Borrow a Muslim? A 'living library' to prick stereotypes
In 12 countries, people check out people for a 30-minute conversation to challenge their own prejudices.
It works like a conventional library. Tables and chairs are set out for study. Librarians bustle purposefully, staffing the checkout desk.Skip to next paragraph
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Except these aren't books on loan. They're people.
Welcome to the Living Library. Here, you borrow individuals who represent stereotypes that often are the target of prejudice or hatred.
At this east London library on a recent Saturday, there were 26 "books" available, including a Muslim, an immigrant, a transgender individual, a witch, and an Indian atheist.
Readers borrow them for half an hour, hear their narrative, question them, even pry a little, and – so the theory goes – break down some of their preconceptions and stop "judging the book by the cover."
"We live in a time where we need dialogue," says Mr.
Abergel. "With dialogue comes understanding and with that comes tolerance and that's the mission of the Living Library: to promote understanding and tolerance through dialogue."
There is certainly plenty of dialogue at this London venue.
At one table, a Rwandan refugee explains to a listener why immigrants cannot be dismissed both as a drain on the public purse and a threat to local jobs. At another, a transgender individual relates why she felt biologically compelled to change sex. An Indian atheist and a Muslim are setting forth their worldview to "readers."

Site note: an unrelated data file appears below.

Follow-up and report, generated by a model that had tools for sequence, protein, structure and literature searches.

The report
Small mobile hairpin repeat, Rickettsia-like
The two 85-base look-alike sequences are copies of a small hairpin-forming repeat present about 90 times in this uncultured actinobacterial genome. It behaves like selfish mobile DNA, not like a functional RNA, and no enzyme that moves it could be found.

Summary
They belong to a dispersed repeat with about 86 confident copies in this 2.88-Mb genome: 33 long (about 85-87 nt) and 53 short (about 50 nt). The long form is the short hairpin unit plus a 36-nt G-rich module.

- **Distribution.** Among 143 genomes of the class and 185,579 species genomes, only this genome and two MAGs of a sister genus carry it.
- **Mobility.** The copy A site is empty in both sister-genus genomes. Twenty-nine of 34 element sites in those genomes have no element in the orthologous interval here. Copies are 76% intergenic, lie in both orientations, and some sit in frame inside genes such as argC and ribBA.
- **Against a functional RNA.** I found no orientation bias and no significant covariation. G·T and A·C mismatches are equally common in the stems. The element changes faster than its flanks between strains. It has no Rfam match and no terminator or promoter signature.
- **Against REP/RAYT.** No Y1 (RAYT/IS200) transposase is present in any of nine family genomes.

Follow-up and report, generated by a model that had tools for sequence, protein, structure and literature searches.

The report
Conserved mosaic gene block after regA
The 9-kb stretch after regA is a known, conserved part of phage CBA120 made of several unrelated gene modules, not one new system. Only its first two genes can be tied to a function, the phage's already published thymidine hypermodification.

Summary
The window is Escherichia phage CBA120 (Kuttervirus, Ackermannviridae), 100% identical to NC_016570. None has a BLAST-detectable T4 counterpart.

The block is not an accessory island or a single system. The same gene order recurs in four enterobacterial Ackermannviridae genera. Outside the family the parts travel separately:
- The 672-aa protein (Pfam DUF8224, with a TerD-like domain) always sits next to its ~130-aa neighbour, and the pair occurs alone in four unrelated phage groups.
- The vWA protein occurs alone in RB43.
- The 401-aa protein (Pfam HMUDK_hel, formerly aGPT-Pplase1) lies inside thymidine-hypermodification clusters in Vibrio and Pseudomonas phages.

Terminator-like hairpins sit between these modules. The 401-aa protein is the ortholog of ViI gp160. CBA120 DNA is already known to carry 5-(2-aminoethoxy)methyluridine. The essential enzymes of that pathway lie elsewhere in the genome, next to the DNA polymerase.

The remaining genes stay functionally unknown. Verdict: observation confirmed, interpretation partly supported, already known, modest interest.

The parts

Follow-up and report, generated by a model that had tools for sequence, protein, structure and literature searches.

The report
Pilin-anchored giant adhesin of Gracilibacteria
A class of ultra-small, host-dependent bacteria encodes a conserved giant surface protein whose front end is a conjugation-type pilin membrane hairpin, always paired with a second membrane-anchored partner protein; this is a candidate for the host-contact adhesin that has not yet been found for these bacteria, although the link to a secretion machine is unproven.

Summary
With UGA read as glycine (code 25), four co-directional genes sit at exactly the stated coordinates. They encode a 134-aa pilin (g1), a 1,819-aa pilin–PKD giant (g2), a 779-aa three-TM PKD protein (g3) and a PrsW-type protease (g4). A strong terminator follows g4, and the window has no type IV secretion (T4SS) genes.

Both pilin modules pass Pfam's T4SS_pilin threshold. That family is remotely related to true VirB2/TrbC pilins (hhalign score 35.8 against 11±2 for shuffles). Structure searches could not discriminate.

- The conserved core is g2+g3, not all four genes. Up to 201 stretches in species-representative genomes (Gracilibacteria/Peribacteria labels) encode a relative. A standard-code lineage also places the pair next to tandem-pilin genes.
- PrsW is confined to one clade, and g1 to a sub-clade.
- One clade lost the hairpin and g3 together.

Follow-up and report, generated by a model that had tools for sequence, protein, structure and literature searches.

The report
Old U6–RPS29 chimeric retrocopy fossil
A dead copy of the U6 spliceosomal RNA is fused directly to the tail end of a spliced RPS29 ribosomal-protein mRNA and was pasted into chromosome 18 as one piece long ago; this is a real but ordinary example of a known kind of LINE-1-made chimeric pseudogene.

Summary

And those 'books' that aren't currently checked out – among them a witch, a funeral director, a medium and a police officer – are swapping stories in the back room, eating sandwiches, and waiting for their next appointment.
All of the "books" are unpaid volunteers, as are the organizers, recruited for the event.
Upon entry, readers can browse a list of available "books," then sign up for their "book" with volunteer librarians. On this Saturday, more than 50 people signed up, and some books were booked out almost the entire day.
"I've done this in 12 countries now," says Abergel, who has received funding from two organizations, the Council of Europe and the Nordic Council of Ministers. "In some places, I'll seed [the idea] and in some I'll put in the seeds and come back and pick the fruits. Here, I'm training someone to do it, helping with their first events."
The types of 'book' engaged vary from country to country. And the response from the public can be instructive. In Britain, for example, the Muslim and the ex-gang member are popular. In Hungary, it was the neo-Nazi, says Abergel. In some countries, homosexual 'books' are popular, but less so in a place like Britain, "because here you're more liberal and used to it."
"In Hungary, the first year, the homosexual didn't go out at all, because people didn't dare – and they didn't take the policeman either."
The concept is proving popular in Australia, Abergel says, with a regular Living Library session once a month in Lismore, New South Wales. "Turkey's just got up and running, and Germany and Austria are doing very well," adds Abergel, who says he has spent 50 percent of his spare time over the past eight years working on his project.